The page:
Sunday, July 6, 2014

Where is the threat from non-Malays

lim guan eng
PETALING JAYA: Deputy Prime Minister Muhyiddin Yassin has come under heavy criticism for his “inflammatory” remarks about a recurrence of a May 13 incident.

“He shocked the nation with his threats of (another May 13),” said DAP secretary-general Lim Guan Eng.
Muhyiddin recently said in Johor that Malaysia may witness another incident of bloodshed (May 13) if no efforts are made to preserve inter-ethnic harmony.

His remarks were reported in the Umno mouthpiece, Utusan Malaysia.
“Such inflammatory remarks show that Muhyiddin is only fit to be a role model for right-wing NGOs like Perkasa and Isma,” said Lim.
“He is completely unfit and unqualified to be a Deputy Prime Minister for all Malaysians.”
He added Muhyiddin built a reputation for himself as the poster boy of Perkasa and Isma when he proclaimed he is a Malay first and a Malaysian second.
Lim noted that the deputy Umno president has adopted a hostile attitude towards non-Muslims and non-Malays.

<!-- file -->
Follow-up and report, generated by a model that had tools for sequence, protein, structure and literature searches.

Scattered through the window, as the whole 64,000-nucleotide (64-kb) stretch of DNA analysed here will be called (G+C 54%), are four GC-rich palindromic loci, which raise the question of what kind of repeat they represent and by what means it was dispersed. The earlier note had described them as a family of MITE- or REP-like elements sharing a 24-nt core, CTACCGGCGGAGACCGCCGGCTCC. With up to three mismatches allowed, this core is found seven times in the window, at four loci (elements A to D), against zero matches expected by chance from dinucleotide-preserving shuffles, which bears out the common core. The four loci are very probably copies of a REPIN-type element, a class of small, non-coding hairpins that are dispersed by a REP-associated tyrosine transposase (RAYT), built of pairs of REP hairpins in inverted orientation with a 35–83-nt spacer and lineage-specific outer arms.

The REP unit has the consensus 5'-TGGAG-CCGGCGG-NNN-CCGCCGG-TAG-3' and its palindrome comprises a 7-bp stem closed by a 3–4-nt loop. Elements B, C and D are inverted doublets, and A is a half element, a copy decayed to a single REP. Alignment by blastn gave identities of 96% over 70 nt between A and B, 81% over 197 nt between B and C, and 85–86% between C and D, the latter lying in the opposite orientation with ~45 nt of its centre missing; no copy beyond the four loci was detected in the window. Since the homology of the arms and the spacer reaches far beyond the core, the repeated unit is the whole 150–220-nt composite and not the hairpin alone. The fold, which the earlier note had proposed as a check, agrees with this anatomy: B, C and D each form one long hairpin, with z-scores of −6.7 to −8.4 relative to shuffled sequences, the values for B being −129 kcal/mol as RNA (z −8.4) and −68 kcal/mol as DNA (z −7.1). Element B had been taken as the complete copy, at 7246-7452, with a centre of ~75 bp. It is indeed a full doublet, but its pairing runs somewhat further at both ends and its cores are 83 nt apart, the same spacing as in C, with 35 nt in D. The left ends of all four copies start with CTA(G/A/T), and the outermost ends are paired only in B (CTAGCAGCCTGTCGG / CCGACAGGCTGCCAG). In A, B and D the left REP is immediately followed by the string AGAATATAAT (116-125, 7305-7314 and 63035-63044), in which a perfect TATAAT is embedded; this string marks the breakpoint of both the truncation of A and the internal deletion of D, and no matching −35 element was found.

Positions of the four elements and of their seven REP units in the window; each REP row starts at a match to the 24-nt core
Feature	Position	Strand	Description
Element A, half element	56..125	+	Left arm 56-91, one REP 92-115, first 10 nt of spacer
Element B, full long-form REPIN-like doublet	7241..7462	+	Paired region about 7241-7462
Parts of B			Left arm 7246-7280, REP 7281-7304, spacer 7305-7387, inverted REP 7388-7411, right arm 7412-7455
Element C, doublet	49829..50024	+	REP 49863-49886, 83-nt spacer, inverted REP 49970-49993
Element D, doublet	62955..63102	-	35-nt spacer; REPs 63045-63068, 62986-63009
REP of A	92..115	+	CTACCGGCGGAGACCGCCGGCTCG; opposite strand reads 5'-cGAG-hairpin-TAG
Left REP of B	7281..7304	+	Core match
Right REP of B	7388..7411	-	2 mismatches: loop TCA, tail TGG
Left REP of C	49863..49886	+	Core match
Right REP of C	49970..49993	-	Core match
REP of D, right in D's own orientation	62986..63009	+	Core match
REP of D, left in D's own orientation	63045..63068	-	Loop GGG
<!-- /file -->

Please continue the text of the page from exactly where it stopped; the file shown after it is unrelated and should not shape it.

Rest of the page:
“He is recklessly blaming non-Malays and non-Muslims for causing ethnic ties to be strained as well as threatening them with May 13 riots and violence.”
Lim pointed out that Muhyiddin is unable to show proof that non-Malays or non-Muslim groups were carrying out acts of provocation against the Malays.
Instead, repeated provocation came from pro-Umno NGOs that went unpunished or were met without any protest from the BN government.
He cited Christians who have come under attack over the “Allah” issue and the seizure of Bibles.
“Christians protested peacefully and according to proper legal channels. (But) they became easy targets (for Malay NGOs) because they are the smallest of the minority religious groups.”
Lim said Malaysia has about 30 million people, with Muslims making up 61.3%, Buddhist (19.8%), Christians (9.2%), Hindus (6.3%), Confucianism, Taoism and other traditional Chinese religions (1.3%) and others (either no religion, other religions or no information) at 2.1%. The figures are based on a 2010 census.
Lim said that similarly non-Malays are easy targets because they are a minority, with Malays making 60.3% of the population, Chinese (22.9%) and Indians (7.1%).
He pointed out that the Chinese population of 22.9% has shrunk to half from its peak in 1957 when it was 45%.
“So where is the threat to Malays and Muslims from non-Muslims and non-Malays? The real threat comes from abuse of power, mediocrity, corruption and cronyism.”